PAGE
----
INVESTIGATION: Undercover video shows workers sentenced to community service in Tulsa not working
8:59 AM, Apr 25, 2013
8:22 PM, Apr 27, 2013
TULSA - When people are sentenced to community service instead of jail time, they are supposed to work in the community.
According to the
City of Tulsa website, when a defendant does not have the ability to pay his or her fines and/or court costs the Court may sentence that person to a community service 'work day' order.
We talked to a judge who said that because of jail overcrowding, he will sometimes sentence defendants to community service for minor offenses. He said it serves a dual purpose. It puts less strain on the jail and it's an opportunity to benefit the community.
Our 2NEWS undercover investigation caught people sentenced to community service in the city of Tulsa, not working. It has city leaders demanding changes.
On four separate days, our undercover cameras caught contractors, hired by the city, driving around community services crews, not picking up trash, taking long breaks and waiting on crews that never showed up.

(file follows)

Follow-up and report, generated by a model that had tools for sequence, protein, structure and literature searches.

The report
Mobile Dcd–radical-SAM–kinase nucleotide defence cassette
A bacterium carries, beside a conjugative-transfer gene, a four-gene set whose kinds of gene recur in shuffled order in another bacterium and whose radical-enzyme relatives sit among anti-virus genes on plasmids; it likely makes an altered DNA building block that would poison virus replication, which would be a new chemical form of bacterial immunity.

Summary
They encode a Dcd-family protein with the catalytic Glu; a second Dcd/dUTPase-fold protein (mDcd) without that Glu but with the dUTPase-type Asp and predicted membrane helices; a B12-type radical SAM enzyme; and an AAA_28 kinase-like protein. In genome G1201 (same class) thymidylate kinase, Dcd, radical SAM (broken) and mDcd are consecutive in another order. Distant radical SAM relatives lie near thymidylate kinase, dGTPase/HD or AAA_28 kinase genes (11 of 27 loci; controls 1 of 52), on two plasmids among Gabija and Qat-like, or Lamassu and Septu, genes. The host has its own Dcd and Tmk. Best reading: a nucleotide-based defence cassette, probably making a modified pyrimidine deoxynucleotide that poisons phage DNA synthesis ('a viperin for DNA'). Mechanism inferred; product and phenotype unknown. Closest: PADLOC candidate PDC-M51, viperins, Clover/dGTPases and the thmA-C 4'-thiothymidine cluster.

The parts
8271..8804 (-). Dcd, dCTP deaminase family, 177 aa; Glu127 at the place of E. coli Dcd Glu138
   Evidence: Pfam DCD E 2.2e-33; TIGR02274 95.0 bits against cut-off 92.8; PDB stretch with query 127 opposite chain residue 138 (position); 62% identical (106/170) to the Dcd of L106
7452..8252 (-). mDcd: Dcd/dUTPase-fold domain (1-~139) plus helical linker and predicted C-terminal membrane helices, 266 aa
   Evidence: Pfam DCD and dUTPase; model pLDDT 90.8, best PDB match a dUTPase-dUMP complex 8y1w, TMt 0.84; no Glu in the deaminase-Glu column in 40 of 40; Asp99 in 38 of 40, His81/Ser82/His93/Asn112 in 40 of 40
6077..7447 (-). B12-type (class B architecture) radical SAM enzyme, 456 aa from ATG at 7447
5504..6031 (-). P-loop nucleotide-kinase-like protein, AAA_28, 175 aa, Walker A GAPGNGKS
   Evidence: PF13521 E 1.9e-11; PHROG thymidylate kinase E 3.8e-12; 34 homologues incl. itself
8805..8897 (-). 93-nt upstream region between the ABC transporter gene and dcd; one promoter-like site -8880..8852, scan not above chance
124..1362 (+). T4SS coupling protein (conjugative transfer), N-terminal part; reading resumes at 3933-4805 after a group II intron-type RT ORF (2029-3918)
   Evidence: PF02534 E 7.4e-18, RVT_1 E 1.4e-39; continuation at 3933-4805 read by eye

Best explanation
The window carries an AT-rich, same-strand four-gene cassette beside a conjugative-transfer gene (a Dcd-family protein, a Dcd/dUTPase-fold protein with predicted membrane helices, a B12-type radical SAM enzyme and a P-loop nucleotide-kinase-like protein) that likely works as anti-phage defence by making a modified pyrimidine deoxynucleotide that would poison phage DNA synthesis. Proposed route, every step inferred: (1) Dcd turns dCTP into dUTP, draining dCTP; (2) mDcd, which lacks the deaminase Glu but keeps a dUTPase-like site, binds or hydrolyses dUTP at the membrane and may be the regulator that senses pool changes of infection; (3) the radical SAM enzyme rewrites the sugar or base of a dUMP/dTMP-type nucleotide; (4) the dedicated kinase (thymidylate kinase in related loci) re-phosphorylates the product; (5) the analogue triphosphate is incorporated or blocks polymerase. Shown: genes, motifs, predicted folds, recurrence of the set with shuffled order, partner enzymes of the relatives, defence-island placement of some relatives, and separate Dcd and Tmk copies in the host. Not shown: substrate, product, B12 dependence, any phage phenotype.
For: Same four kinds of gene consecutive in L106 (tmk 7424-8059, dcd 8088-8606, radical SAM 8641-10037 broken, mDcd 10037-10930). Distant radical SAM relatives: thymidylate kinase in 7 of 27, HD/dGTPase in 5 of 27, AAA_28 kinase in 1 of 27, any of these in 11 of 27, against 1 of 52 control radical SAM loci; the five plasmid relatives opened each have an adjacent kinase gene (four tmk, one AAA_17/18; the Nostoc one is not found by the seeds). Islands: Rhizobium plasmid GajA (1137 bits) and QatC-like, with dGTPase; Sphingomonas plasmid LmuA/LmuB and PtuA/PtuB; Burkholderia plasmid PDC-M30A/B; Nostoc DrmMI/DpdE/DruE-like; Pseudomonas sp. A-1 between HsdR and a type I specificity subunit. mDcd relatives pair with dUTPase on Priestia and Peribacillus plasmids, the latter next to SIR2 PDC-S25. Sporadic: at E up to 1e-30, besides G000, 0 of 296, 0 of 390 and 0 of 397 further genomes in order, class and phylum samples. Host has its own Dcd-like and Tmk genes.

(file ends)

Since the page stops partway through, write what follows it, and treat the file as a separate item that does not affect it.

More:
Click on the video player to see a compilation of the four days we followed the crews around Tulsa. If you're on your phone go to the Video section to watch the clip.
Tax dollars are paying $150,000 a year to pay for contractors, who are supposed to oversee community service crews.
2NEWS Investigators followed around community service crews, tracking their every move.
Some days we saw them hard at work, but on others the contractor drove right past the trash the crew was supposed to pick up.
We showed our undercover video to Mark Hogan, head of the City of Tulsa's security.
"Yea, that's what he should've been picking up," said Hogan.
Our cameras even caught someone serving community service, who appears to be sleeping. Another day, the van showed up, but the crew didn't.
"They're supposed to be there everyday. There's a lot of days we show up and nobody shows up for their community service," said Hogan.
The interim court administrator, Kelly Brader, disagrees and says that's rare. She's on the sentencing end of community service and sends community service crews to Mark Hogan.
Hogan admits there's an oversight issue.
"We could have more supervision, which would give us more accountability," he said.